To keep my payments close to the same as the Mazda, $375 per month (rolling the Mazda’s $3,300 negative equity into the new truck loan), I came up with a spending limit of $19,000 for a 2005 or 2006 truck with low miles with 60 months financing or $22,000 for a 2007 or 2008 with 72 months financing.
This is where the search begins, covering 17 days and 42 Dallas-area dealerships. Okay, I’m obsessive-compulsive. But it was worth it. My odyssey ended with a great deal for a 2008 Toyota Tundra with 5,600 miles (not loaded but not stripped either). I paid $18,900 for the truck, receiving a fair trade value on the Mazda. The average purchase price for the truck I bought is around $22,000 with a list price of $23,500. So, much to my wife’s vexation, I will be embarking on a similar odyssey in a couple of years.
CAR SEARCH TIPS
Beware of online offerings. From my survey, 75 percent of the inventory on a dealership’s website is no longer on the lot. It appears that dealerships are not in a hurry to delete sold vehicles from their online inventory. Like old bait-and-switch ads in the newspapers, which are now illegal, the point is to get you into the dealership. The Legislature may want to update the law.
Online pricing tends to run about 10 percent lower than the stickered on-site price. The point seems to be to get you on the lot so the dealer can low-ball your trade-in.
To get the best price on a new or used vehicle you have to be willing to leave, no matter how much you like the car. Give up that hammer, and you are putty in their hands. If the salesman has your phone number, odds are he’ll call you within forty-eight hours with a better offer.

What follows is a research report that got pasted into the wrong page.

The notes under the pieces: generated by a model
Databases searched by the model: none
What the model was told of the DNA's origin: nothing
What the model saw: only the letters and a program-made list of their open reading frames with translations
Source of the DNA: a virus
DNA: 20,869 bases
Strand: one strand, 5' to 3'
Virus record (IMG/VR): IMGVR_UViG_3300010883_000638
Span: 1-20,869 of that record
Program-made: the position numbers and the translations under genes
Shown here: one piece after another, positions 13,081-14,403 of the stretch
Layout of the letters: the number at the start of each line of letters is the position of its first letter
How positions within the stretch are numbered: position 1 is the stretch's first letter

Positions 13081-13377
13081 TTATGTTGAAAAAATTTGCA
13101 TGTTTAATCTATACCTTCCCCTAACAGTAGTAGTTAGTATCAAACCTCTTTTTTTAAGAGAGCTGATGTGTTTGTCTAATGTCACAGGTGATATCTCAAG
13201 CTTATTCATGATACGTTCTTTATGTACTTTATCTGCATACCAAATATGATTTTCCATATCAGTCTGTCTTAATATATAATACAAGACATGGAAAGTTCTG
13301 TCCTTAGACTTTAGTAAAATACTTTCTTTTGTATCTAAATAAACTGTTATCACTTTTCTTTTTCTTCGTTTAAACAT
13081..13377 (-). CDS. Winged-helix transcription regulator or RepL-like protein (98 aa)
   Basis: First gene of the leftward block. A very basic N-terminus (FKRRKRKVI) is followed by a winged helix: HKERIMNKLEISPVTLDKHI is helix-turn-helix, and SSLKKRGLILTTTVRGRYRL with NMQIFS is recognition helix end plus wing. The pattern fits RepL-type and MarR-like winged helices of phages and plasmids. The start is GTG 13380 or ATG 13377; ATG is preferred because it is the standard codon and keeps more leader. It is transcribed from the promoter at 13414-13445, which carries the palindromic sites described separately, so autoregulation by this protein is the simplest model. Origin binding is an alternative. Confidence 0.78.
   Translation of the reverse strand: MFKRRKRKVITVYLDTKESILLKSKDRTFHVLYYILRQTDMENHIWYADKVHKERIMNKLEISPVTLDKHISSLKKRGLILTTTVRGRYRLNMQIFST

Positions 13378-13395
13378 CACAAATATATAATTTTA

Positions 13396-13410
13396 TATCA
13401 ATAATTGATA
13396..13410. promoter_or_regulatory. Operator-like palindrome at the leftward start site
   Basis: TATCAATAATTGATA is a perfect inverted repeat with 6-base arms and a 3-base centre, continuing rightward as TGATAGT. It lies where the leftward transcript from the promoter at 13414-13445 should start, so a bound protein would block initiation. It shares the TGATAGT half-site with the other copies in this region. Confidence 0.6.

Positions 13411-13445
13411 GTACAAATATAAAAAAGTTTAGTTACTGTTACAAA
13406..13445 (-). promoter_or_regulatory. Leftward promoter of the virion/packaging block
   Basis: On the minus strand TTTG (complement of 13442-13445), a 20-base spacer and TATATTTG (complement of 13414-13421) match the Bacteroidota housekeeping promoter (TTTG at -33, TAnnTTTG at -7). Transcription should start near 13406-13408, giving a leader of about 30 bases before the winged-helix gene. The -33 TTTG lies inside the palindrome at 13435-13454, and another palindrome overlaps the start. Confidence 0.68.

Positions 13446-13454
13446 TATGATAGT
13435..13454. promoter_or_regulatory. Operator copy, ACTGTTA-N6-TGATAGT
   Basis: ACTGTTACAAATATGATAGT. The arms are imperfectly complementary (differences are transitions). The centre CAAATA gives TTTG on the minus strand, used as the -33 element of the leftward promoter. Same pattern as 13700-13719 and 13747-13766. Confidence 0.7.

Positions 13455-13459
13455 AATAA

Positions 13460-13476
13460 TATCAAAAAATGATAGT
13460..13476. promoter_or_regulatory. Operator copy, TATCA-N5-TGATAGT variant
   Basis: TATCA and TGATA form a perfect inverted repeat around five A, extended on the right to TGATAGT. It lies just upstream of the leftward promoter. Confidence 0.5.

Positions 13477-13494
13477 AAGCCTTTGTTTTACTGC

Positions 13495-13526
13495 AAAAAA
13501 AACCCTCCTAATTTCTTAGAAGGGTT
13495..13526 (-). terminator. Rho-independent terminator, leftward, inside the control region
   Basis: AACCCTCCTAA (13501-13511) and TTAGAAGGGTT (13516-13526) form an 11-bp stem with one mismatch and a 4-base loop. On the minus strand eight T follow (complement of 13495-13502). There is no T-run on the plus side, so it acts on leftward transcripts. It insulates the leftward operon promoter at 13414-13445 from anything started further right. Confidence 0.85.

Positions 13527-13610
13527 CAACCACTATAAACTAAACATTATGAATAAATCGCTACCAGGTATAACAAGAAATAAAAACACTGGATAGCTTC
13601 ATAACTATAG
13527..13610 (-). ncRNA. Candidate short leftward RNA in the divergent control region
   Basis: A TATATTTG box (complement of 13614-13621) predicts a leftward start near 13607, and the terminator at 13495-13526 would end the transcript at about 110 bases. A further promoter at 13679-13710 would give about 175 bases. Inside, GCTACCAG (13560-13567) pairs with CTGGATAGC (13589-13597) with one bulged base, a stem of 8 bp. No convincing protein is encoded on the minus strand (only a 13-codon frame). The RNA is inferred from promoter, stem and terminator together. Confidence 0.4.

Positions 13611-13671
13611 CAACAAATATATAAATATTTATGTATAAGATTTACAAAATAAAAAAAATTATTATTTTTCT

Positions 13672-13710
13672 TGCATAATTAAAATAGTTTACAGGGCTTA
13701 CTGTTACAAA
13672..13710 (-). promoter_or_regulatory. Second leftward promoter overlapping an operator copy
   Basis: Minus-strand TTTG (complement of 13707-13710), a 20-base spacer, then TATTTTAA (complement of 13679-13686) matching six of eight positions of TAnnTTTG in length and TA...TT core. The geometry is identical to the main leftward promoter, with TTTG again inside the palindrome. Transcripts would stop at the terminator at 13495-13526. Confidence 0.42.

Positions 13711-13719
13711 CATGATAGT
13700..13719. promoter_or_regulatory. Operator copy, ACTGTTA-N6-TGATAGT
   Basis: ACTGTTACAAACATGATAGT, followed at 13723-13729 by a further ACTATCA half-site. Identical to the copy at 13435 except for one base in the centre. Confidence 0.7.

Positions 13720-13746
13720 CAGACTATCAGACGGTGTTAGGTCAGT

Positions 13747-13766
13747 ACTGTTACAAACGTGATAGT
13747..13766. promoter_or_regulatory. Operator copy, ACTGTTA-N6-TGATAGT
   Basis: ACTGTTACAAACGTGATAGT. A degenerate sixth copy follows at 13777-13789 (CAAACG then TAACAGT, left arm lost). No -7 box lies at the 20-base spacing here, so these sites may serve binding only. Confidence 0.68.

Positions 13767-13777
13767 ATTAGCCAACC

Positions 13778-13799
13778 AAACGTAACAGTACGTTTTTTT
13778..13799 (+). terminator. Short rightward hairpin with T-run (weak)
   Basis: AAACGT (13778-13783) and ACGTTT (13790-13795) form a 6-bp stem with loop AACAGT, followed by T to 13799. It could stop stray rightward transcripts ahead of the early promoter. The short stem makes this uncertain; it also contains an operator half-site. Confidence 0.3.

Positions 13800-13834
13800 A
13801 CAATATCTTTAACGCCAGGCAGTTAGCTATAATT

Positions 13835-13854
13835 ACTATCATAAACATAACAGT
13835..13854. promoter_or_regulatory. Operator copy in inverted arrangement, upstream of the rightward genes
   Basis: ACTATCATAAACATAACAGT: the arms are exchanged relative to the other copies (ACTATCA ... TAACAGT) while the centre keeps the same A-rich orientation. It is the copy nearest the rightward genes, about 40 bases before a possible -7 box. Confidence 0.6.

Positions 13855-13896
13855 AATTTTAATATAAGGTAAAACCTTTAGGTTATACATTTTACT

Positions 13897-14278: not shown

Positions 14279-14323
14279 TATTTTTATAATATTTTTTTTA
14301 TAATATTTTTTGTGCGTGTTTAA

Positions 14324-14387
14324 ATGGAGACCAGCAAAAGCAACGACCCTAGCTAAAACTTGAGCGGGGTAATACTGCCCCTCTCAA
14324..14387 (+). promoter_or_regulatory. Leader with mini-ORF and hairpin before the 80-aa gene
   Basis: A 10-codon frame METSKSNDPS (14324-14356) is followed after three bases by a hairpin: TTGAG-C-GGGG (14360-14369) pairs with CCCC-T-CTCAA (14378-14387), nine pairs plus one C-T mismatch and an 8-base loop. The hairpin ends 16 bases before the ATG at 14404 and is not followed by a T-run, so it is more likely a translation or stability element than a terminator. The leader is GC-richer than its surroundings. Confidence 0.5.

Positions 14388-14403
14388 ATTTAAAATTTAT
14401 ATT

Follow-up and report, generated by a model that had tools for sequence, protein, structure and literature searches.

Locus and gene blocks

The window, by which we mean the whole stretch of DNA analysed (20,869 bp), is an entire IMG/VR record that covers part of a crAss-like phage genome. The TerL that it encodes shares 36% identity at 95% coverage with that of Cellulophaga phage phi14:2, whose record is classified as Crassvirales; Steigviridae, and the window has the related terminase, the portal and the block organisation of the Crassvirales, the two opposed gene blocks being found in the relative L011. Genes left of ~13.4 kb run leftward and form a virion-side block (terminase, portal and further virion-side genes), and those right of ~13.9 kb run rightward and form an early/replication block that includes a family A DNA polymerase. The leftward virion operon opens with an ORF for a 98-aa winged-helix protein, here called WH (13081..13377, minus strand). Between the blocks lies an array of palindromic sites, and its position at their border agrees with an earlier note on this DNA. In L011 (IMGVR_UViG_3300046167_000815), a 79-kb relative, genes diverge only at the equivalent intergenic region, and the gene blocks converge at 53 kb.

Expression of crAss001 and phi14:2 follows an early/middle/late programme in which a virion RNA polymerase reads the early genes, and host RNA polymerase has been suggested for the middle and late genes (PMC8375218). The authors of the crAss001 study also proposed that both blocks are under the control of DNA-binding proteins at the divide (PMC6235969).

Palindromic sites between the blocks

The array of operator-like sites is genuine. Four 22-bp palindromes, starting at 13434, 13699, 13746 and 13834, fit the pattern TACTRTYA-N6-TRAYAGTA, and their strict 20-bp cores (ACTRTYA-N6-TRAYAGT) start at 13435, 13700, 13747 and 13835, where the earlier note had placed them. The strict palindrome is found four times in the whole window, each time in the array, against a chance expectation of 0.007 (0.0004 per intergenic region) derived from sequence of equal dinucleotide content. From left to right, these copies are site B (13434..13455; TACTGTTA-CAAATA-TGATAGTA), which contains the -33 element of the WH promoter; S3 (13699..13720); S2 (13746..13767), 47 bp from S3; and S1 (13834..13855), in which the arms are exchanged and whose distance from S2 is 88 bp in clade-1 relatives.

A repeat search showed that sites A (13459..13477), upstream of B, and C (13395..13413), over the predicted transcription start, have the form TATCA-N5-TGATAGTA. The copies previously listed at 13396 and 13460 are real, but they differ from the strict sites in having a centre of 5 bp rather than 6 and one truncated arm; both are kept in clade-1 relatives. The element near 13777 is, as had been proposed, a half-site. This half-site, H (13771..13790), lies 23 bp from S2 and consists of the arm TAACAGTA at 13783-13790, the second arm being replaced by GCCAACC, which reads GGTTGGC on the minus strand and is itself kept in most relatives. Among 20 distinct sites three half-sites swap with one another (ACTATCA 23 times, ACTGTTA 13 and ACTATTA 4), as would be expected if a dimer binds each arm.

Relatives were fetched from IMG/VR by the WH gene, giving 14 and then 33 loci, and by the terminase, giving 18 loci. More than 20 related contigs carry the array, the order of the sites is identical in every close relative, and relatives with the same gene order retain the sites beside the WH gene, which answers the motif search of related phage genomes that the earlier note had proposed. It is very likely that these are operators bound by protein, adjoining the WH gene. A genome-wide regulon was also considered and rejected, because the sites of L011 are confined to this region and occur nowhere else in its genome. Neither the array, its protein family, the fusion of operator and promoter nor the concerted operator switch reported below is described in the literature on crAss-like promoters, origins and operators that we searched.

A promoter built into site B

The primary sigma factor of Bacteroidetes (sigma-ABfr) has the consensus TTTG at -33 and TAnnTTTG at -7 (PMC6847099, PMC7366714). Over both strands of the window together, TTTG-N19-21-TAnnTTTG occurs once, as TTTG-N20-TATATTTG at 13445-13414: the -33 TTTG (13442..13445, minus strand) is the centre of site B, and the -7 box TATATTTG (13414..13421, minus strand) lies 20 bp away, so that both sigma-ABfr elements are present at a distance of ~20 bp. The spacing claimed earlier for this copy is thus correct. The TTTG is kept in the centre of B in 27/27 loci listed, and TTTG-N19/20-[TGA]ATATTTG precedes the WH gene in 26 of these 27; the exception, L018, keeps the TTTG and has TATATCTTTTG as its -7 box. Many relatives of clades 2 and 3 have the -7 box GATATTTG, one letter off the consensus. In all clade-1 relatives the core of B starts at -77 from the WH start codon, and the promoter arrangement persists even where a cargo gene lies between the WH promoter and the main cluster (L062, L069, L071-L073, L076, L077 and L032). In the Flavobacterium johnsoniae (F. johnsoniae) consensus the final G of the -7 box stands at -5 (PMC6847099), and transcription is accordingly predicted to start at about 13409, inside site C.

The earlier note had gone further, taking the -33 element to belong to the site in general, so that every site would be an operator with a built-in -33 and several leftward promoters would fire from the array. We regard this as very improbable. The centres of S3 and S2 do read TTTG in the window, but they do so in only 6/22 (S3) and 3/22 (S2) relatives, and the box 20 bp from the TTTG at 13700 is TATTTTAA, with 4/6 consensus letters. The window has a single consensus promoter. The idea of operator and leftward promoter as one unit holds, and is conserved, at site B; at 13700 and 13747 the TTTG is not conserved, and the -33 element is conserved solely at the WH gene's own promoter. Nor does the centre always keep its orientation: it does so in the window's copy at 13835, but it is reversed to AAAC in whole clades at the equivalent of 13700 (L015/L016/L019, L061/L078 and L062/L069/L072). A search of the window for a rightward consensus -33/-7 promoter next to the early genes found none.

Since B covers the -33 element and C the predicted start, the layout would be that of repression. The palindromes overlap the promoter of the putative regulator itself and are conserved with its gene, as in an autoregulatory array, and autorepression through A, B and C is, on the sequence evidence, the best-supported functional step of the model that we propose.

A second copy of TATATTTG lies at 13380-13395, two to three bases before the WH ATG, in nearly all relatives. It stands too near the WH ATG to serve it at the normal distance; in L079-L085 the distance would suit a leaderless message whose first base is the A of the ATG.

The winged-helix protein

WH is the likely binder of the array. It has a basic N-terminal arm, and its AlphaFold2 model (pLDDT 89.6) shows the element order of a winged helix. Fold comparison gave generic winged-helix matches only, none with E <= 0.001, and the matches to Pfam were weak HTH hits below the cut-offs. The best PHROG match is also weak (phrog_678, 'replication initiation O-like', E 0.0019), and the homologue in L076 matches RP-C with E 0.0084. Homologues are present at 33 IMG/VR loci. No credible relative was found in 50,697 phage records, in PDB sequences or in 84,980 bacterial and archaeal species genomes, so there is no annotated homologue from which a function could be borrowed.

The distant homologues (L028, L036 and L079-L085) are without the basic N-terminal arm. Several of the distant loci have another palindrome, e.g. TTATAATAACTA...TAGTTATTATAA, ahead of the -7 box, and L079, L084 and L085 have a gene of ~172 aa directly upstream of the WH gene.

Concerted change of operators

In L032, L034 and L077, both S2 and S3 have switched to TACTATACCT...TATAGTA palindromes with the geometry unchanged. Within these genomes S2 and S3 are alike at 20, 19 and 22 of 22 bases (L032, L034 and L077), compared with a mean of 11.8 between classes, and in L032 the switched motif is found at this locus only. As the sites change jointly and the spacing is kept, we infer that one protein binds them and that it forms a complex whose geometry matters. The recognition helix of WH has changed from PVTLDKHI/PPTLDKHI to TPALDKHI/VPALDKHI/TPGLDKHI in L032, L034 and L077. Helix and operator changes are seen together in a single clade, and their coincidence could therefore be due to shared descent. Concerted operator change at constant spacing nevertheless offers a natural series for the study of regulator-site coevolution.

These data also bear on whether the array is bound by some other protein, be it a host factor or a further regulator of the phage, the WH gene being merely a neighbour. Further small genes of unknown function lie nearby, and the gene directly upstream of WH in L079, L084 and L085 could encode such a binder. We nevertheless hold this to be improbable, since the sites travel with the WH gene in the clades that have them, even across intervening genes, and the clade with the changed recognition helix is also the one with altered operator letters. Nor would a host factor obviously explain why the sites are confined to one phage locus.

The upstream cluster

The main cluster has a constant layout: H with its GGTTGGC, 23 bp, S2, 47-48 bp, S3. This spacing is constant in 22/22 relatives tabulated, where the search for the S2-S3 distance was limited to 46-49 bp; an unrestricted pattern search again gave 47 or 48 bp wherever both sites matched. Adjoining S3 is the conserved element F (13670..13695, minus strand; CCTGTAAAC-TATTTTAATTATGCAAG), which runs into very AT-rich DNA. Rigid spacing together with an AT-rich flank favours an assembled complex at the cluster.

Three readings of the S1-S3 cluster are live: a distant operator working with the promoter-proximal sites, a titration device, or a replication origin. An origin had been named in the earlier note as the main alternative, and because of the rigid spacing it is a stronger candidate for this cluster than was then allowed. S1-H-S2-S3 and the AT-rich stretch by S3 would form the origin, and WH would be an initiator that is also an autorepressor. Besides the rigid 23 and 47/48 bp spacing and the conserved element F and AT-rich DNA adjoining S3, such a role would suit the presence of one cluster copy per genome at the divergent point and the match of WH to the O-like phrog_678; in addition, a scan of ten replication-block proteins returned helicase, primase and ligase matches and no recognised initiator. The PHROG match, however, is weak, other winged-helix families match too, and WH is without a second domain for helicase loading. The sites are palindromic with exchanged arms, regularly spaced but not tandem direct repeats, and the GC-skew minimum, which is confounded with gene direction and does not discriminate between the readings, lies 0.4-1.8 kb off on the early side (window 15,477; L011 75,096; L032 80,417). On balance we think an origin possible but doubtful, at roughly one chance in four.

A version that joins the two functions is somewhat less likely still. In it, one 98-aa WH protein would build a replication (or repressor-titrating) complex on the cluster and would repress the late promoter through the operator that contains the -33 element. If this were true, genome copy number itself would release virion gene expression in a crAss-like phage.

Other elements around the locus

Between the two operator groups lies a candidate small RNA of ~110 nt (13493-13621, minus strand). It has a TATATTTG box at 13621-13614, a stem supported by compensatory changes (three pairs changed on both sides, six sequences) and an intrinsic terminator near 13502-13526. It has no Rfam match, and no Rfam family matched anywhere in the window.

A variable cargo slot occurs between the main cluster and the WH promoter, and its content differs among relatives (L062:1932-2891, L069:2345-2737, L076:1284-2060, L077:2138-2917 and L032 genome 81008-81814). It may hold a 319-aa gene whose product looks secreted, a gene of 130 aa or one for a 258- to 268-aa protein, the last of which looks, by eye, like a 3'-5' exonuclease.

Every reference below to “inventory” and “selection” refers only to my search for late-model, used trucks.
1. Pat Lobb Toyota, McKinney: I bought here, so it is my winner. John Kenney, fleet and internet sales manager, was direct, honest, and worked at getting me into what I was looking for at the best price. Good selection of used trucks and had lowest prices. Very new and modern facility. Free water, sodas, and coffee. Detailed truck before leaving and filled up the tank.
2. Rodeo Ford Dallas: Worked hard at getting me into one of their trucks, Salesman Mike Sweezey is honest and upfront. No pressure sales tactics. Just bottom line “can we get there or not?” Good, moderate selection of used trucks.
3. Toyota of Richardson: Good quality inventory and always getting in other vehicles. Good prices. Didn’t have what I wanted, but worked hard to find it. Did not pressure but followed up politely. Salesman Bryan Frater is very helpful, and manager Marshall Hampton polite and friendly.
1. Randall Noe Dodge Chrysler Jeep, Terrell: Large, country dealership just 25 miles east of downtown Dallas. Huge selection of used trucks (and cars). Upfront, honest pricing. No pressure sales. Not much haggle but prices are low already. Salesperson Chrissy Smith is polite and upfront. Tried hard to get what I wanted.
2. Reliable Chevrolet, Richardson: Large selection of almost all makes and models on lot. Twenty-five or so used trucks alone. The sales staff did puzzle me, just watching me walk the lot. But that doesn’t take away from the size of the inventory.
3. Texas Toyota, Grapevine: Large selection of used Toyotas. Honest, upfront pricing but slightly higher than most places.Haggler’s Paradise:
1. Toyota of Irving: I eventually got them to a price I was willing to pay for a truck but it had to happen via a phone call after leaving. Not rude or dishonest, sticker prices just started a little higher than average, but they came down.
2. John Eagle Toyota, Garland: The salesman played the ol’ back and forth game between sales manger and buyer. The other good game is the “signature X” scribbled on the back of an offer sheet. Again not rude or dishonest (those come later), but annoying.
3. Friendly Chevrolet, Dallas: Ditto. Is there a school where they learn this stuff?